The effects of trazodone on the brain are largely dependent on the dose. Higher doses of trazodone may have more negative side effects, so it is important to communicate with your healthcare provider in order to find a dosage that is right for you. This medicine boosts the levels of serotonin in the brain, thereby alleviating symptoms of the disorder.

How to Take Trazodone

Take trazodone by mouth. Also, you should take the medication with a light meal, at about the same time every day.

If you start to feel dizzy after taking trazodone, talk with your healthcare provider. Also, don’t drink alcohol or take any other sleep medication while taking trazodone.

Trazodone Isn’t for Everyone

If you have bipolar disorder or undiagnosed depression, trazodone may increase your risk of experiencing a manic episode. Manic episodes can include overactivity, excitement, and delusions.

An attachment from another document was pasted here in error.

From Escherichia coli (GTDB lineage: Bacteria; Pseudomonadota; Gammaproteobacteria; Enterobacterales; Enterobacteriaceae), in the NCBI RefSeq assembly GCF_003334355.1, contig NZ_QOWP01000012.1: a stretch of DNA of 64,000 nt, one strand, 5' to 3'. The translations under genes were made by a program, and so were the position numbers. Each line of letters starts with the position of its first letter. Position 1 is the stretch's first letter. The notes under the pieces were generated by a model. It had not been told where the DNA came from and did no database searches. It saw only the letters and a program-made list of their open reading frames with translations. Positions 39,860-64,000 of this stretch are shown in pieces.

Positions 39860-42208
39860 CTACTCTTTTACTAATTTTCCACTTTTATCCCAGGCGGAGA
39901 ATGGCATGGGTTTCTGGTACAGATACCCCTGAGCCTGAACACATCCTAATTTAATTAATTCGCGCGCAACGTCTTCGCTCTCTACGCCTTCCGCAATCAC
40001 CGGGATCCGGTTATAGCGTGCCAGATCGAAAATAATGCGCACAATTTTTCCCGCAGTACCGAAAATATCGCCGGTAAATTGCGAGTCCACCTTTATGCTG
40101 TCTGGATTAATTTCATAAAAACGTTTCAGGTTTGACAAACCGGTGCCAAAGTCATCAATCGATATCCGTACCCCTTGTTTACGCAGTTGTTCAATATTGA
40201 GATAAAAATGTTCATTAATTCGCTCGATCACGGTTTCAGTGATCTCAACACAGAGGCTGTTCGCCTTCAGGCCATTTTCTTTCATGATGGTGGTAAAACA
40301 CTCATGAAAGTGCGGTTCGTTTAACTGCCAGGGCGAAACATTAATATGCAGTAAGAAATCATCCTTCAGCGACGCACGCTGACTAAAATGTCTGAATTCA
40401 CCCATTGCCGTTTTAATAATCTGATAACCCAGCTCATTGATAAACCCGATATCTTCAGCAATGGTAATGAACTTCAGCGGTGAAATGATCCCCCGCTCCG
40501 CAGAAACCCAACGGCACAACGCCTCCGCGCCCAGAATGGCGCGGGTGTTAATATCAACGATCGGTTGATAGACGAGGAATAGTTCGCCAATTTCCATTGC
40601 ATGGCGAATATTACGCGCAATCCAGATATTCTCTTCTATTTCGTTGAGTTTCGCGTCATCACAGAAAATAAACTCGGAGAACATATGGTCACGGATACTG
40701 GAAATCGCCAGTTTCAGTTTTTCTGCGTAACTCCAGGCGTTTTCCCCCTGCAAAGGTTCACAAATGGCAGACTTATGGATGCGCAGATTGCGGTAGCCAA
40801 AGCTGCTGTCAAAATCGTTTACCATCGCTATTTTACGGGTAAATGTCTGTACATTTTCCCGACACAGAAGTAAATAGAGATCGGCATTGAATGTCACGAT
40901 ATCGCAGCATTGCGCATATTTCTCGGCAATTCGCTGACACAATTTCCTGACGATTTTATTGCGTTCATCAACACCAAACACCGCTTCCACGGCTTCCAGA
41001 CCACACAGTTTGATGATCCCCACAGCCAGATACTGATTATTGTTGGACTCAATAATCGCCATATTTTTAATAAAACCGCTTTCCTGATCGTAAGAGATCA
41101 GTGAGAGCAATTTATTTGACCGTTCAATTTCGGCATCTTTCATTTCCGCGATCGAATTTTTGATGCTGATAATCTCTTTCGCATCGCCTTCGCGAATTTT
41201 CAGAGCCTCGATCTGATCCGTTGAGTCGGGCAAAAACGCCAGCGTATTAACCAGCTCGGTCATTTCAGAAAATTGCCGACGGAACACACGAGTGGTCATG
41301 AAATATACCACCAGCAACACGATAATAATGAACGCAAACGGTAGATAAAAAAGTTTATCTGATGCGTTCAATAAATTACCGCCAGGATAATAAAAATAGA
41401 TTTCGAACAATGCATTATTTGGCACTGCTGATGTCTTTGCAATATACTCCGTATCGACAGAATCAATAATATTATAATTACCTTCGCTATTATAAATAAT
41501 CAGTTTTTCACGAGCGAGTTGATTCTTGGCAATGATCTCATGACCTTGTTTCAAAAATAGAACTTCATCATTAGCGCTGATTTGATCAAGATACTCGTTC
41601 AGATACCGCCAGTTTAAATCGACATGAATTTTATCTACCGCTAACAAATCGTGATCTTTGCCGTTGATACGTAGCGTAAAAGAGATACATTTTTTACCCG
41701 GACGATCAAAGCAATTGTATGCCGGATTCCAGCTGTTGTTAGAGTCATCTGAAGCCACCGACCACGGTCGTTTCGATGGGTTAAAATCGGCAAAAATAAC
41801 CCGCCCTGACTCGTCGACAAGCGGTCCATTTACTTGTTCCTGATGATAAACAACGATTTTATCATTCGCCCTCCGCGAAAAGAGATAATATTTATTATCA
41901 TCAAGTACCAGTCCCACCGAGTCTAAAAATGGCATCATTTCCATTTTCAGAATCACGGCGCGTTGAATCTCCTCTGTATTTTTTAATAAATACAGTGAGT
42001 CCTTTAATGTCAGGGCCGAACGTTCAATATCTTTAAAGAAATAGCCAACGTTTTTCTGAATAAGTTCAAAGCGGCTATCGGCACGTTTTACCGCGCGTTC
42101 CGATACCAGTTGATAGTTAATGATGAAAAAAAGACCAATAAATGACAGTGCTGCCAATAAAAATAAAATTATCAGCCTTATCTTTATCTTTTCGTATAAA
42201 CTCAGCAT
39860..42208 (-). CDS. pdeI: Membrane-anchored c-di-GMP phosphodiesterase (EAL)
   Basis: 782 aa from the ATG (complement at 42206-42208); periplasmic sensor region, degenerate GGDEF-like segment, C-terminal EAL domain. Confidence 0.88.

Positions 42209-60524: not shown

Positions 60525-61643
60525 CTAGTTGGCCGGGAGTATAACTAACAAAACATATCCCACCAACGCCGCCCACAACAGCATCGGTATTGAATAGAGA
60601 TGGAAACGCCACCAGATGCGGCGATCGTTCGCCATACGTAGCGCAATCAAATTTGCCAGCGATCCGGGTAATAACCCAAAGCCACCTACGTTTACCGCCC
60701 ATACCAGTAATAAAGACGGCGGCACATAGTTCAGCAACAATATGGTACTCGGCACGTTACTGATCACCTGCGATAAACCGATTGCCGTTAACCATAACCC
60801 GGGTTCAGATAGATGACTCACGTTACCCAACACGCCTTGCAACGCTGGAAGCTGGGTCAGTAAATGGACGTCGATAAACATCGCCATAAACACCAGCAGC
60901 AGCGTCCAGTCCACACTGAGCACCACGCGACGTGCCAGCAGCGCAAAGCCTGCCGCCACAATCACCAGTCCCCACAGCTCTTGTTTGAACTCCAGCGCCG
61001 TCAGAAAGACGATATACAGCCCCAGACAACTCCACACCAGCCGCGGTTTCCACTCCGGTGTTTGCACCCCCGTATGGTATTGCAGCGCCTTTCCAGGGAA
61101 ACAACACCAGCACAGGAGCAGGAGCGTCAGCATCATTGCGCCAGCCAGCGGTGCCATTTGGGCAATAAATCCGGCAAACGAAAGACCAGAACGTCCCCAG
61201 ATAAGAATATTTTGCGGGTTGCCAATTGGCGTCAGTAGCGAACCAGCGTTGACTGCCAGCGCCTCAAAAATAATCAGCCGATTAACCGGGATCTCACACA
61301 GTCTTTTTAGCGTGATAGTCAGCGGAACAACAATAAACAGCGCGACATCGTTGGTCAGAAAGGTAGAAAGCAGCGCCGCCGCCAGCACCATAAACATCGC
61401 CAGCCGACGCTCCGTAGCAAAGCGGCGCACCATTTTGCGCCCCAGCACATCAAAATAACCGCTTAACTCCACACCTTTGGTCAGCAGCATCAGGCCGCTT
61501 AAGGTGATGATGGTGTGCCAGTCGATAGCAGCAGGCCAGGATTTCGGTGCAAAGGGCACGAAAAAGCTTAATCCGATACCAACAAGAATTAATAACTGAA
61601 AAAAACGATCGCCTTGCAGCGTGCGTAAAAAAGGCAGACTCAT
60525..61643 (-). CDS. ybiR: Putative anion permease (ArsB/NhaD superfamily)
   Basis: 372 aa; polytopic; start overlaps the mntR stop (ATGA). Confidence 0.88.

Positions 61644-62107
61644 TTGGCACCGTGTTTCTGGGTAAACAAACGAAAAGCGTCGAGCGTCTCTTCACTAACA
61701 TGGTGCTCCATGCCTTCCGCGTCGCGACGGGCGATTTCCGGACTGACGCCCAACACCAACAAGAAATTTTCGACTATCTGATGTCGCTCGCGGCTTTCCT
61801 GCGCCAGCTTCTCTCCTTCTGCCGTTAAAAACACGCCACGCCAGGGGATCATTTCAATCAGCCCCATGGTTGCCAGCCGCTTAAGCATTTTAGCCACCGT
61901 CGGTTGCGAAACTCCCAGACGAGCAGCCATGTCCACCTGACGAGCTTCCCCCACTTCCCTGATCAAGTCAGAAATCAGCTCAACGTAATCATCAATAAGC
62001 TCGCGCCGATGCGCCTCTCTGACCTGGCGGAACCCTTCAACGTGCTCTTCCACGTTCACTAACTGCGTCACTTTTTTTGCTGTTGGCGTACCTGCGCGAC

Trazadone may also impair your ability to think, focus, and react. You should avoid driving, operating machinery, or other activities that require alertness.

If you have kidney disease or kidney damage, talk to your doctor to make sure taking trazodone is okay. There may be better options available to you.

Trazodone is generally considered safe, but there are some risks to be aware of. These include: 

  • Autonomic instability 
  • Cardiac arrhythmias 
  • Hypotension 
  • Seizures 
  • Serotonin syndrome.

Trazodone can also interact with other medications, so it is important to talk to your doctor about all the medications you are taking, including over-the-counter drugs and supplements.

Is Trazodone an SSRI or SNRI?

There are many types of antidepressants. Two common types of antidepressants are SSRIs  (selective serotonin reuptake inhibitors) and SNRIs (serotonin and norepinephrine reuptake inhibitors). Trazodone is neither an SSRI nor an SNRI.